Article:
Joseph Wilson Lawrence who was born in Saint John, in 1818 was not of Loyalist blood. His father, Alexander Lawrence came from Scotland in 1817, to become one of the colony’s notable cabinetmakers.  In 1846 Joseph  married Anna C. Bloomfield in New York City, and they had at least three sons and two daughters. After the death of Alexander Lawrence, Joseph and his brother, ran a leading Saint John undertaking establishment. Joseph Lawrence was the founding president of the New Brunswick Historical Society, set up in 1874. In 1883, he was the chief organizer of the highly successful Loyalist centennial commemoration.

Lawrence points out some interesting information on Parr Town. The first marriage in 1784, that of Lieut. Andrew Stockton was carved in stone on a tombstone in Sussex. The northern boundary of Parr Town was Union Street.  The first child, a daughter of Thatcher Sears, was born while he was living in a tent on the Market Square. William Macara Sears, a grandson of Thatcher Sears died at age 32 but on the day before his death, he presented the City with the drinking fountain, which stands today at the foot of the steps to City Hall. A list of the grantees of Parr Town gives a glimpse of the Loyalists who stayed in the area while many others moved on. The biographical facts included would be difficult to ferret out a hundred and twenty years after his writing.

1783-1883  Foot-Prints or Incidents in Early History of New Brunswick by J. W. Lawrence was published in 1883 and provides information not only on the Loyalists but of the governing of the city.  It is available at several research institutions. It can also be read online at http://www.ourroots.ca/e/toc.asp?id=4339.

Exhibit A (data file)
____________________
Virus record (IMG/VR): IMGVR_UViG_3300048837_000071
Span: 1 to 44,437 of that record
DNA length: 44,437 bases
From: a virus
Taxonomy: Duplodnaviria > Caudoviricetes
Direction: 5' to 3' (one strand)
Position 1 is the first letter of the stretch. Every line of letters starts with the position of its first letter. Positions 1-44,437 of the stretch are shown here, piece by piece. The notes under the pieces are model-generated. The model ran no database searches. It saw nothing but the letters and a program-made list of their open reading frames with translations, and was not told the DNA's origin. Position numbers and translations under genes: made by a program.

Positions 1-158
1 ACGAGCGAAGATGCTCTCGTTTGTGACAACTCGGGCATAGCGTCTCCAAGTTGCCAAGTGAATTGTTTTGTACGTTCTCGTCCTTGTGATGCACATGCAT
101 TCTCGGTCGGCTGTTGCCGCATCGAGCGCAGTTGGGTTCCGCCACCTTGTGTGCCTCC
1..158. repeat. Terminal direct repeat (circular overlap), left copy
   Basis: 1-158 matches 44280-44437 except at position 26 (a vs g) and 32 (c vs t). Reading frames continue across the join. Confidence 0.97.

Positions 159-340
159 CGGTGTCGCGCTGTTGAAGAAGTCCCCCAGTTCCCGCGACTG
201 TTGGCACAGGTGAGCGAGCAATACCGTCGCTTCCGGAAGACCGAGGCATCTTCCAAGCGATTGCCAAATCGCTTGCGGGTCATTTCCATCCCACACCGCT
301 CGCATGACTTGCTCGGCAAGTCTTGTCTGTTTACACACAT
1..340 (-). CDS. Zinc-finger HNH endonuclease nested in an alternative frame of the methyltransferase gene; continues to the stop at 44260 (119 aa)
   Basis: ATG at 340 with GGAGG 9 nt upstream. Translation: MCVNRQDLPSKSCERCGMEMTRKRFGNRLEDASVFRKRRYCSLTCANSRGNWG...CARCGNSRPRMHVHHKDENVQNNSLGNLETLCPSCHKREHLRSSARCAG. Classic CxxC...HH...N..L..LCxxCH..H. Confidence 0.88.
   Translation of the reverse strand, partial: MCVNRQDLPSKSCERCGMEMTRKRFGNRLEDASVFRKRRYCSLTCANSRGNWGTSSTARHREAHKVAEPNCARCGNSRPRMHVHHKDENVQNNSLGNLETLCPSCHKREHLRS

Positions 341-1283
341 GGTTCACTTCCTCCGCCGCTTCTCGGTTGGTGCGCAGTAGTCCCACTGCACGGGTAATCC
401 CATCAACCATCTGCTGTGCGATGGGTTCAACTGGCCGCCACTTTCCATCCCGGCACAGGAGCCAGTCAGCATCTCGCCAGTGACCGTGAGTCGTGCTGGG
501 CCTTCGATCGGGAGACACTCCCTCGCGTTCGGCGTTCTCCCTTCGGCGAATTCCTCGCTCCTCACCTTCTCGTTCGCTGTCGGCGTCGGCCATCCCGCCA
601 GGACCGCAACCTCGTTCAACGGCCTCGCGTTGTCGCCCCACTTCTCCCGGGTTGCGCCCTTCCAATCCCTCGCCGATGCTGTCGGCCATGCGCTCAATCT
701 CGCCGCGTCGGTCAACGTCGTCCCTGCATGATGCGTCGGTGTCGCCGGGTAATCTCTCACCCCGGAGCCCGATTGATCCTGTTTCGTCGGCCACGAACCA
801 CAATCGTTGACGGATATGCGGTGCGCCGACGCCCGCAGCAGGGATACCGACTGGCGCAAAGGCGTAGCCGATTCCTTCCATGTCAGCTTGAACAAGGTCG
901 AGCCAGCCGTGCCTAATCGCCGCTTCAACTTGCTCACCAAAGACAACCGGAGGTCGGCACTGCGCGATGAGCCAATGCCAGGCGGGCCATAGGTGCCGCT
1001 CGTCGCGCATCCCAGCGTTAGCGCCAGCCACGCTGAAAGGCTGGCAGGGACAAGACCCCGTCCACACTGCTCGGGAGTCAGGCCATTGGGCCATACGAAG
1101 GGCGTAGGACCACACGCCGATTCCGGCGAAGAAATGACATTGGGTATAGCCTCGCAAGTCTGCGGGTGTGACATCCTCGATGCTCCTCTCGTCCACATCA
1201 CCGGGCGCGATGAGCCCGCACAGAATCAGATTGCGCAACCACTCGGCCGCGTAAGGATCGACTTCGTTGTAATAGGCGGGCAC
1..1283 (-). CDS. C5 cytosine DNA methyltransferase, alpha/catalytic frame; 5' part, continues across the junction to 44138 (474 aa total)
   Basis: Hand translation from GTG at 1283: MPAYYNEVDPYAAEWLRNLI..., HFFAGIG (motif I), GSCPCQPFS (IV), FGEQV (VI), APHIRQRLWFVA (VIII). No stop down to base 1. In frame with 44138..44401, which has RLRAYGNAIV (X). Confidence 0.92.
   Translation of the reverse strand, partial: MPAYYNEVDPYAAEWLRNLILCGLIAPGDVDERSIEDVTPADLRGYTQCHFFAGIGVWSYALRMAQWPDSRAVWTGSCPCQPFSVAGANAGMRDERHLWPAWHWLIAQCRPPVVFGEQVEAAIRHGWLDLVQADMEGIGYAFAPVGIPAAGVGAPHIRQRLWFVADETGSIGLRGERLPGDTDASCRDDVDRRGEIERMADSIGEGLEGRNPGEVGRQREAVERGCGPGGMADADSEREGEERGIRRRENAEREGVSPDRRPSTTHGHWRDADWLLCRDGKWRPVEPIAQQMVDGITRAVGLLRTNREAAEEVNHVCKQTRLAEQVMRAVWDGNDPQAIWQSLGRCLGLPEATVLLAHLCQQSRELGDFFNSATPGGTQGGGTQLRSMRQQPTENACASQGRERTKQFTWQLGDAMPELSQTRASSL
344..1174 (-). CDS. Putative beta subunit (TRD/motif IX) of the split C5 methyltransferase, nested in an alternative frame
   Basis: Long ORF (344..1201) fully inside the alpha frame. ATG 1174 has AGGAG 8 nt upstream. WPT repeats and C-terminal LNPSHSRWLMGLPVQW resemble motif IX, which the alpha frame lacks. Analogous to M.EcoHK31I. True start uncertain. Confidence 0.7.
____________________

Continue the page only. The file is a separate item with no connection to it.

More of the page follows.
May 18, 2004
Today’s two hundred and twenty-first anniversary celebration of the coming of the Loyalists to Saint John will commence with a flag raising ceremony at the City Hall Plaza at 10:30 a.m.

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Query 1162
Byrne - Grundell: Philip and Mary Byrne lived in Musquash (1830 – 1868) and ran an inn. They had a farm near the Catholic Church. Their children were James, Catherine married Grundell, Peter, Joseph, John and Thomas. Looking for descendants and information on the inn.
Marina Cole
5424 Locksley Ave,
Oakland, CA
94618, USA
E-mail aquamar@earthlink.net

Query 1163
Roach - Innis: Margaret Roach married John Innis of Kings County. Their first child was born in 1798. She died in 1834 and is buried in the Riverside Cemetery in Drumbo, Ontario. Who were her parents? When and where was she born? What was the date of her marriage?
Pauline Gager
2427 NE 199th Street
Ridgefield, WA
98642, USA
E-mail Gager@aol.com

Query 1164
MacMinn: In the1881 census of Northumberland County, New Brunswick, John and Jenet MacMinn are listed as being born in Scotland. Their two sons, George and Alexander were born in New Brunswick. Can anyone provide me with information on this family and their place of origin, as well as date of entry into New Brunswick?
Jim Gomez
3224 W. Avenida Sombra
Tucson, AZ
85746, USA
E-mail gfamily3224@yahoo.com

Query 1165
Finemore - Burgis: John Finnemore was born in New Brunswick in 1787. He married Sarah Ann Burgis on 11 Oct. 1817 in Gagetown. Who were his parents and siblings?
Gail Finnamore
8 Beechglen Rd.
NB, Canada
E7H 1J7
E-mail glfinn@nb.sympatico.ca